17-11.4 Chemical Injury. The term chemical injury refers to the introduction of a caustic solution from the carbon dioxide scrubber of the UBA into the upper airway of a diver.
17-11.4.1 Causes of Chemical Injury. A caustic alkaline solution results when water leaking into the canister comes in contact with the carbon dioxide absorbent. When the diver is in a horizontal or head down position, this solution may travel through the inhalation hose and irritate or injure the upper airway.
17-11.4.2 Symptoms of Chemical Injury. Before actually inhaling the caustic solution, the diver may experience labored breathing or headache, which are symptoms of carbon dioxide buildup in the breathing gas. This occurs because an accumulation of the caustic solution in the canister may be impairing carbon dioxide absorption. If the problem is not corrected promptly, the alkaline solution may travel into the breathing hoses and consequently be inhaled or swallowed. Choking, gagging, foul taste, and burning of the mouth and throat may begin immediately. This condition is sometimes referred to as a "caustic cocktail." The extent of the injury depends on the amount and distribution of the solution.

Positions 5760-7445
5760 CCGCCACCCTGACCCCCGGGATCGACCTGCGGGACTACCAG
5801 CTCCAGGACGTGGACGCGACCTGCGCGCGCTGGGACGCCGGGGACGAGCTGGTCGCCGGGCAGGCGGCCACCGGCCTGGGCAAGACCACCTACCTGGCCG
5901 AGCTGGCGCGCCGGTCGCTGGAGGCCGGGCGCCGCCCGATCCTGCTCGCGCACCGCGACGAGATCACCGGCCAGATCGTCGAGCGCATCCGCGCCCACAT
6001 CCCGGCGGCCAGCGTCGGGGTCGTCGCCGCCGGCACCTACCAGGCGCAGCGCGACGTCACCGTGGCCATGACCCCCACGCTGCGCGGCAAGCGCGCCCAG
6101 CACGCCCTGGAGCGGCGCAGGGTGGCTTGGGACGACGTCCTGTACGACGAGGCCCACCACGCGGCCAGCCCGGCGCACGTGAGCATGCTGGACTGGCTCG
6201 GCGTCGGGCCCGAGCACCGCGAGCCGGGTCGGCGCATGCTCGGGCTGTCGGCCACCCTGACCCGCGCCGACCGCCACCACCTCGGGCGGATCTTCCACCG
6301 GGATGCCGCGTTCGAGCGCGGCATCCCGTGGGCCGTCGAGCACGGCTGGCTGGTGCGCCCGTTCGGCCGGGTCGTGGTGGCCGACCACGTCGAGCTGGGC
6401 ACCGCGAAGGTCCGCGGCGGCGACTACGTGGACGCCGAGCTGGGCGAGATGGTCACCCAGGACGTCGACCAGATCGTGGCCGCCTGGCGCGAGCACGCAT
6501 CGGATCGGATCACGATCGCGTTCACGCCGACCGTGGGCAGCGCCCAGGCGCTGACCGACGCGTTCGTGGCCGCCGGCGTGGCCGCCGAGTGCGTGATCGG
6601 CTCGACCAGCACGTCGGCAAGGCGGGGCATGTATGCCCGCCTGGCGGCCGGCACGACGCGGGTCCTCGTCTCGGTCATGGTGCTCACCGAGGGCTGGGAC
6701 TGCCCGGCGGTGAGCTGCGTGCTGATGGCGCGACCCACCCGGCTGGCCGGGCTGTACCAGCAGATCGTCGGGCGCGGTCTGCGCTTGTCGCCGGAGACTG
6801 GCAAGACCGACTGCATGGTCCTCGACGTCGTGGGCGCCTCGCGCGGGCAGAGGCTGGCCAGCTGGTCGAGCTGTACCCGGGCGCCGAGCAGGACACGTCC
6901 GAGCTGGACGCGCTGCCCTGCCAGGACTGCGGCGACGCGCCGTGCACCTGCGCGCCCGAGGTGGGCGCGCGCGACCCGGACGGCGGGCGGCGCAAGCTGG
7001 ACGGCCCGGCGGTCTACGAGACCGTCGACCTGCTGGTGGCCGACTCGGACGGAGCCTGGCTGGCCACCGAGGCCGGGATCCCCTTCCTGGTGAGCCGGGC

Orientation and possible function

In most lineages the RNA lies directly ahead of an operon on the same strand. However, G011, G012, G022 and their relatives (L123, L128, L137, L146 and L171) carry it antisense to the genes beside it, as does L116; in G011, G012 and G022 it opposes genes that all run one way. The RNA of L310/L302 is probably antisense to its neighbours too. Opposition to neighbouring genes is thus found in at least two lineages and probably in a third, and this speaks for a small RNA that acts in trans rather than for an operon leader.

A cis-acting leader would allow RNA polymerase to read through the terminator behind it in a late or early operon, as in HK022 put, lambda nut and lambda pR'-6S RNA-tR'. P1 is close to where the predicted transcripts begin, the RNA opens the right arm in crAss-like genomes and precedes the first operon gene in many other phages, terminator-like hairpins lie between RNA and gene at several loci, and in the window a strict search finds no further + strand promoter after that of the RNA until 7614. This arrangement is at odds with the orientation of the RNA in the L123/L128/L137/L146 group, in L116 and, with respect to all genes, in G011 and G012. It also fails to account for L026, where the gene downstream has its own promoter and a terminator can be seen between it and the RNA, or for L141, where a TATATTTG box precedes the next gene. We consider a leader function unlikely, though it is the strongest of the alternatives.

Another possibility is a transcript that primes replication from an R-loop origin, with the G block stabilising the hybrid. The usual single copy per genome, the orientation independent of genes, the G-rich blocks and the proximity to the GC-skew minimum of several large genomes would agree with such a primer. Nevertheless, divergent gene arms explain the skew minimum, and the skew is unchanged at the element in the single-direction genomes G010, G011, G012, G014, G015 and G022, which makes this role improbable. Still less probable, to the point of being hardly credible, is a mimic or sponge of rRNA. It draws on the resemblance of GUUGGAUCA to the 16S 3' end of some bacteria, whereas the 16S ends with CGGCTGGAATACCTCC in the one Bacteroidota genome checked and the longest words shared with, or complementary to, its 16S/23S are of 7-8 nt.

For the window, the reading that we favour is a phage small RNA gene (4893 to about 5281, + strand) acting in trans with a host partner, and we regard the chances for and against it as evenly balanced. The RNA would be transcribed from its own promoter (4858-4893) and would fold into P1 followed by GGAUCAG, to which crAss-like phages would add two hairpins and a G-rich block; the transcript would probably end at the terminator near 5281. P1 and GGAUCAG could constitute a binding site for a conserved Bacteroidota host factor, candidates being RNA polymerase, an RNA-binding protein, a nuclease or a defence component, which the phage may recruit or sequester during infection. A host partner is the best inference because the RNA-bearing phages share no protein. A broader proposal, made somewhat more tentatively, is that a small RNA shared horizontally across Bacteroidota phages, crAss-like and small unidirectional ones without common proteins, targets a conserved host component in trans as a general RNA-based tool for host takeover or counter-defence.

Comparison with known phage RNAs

17-11.4.3 Management of a Chemical Incident. If the caustic solution enters the mouth, nose, or face mask, the diver must take the following steps:
1. Immediately assume an upright position in the water.
2. Depress the manual diluent bypass valve continuously.
3. If the dive is a no-decompression dive, make a controlled ascent to the surface, exhaling through the nose to prevent overpressurization.
4. If the dive requires decompression, shift to the EBS or another alternative breathing supply. If it is not possible to complete the planned decompression, surface the diver and treat for omitted decompression as outlined in paragraph 17-10.6.
Using fresh water, rinse the mouth several times. Several mouthfuls should then be swallowed. If only sea water is available, rinse the mouth but do not swallow. Other fluids may be substituted if available, but the use of weak acid solutions (vinegar or lemon juice) is not recommended. Do not attempt to induce vomiting.
A chemical injury may cause the diver to have difficulty breathing properly on ascent. He should be observed for signs of an arterial gas embolism and should be treated if necessary. A victim of a chemical injury should be evaluated by a physician or corpsman as soon as possible. Respiratory distress which may result from the chemical trauma to the air passages requires immediate hospitalization.
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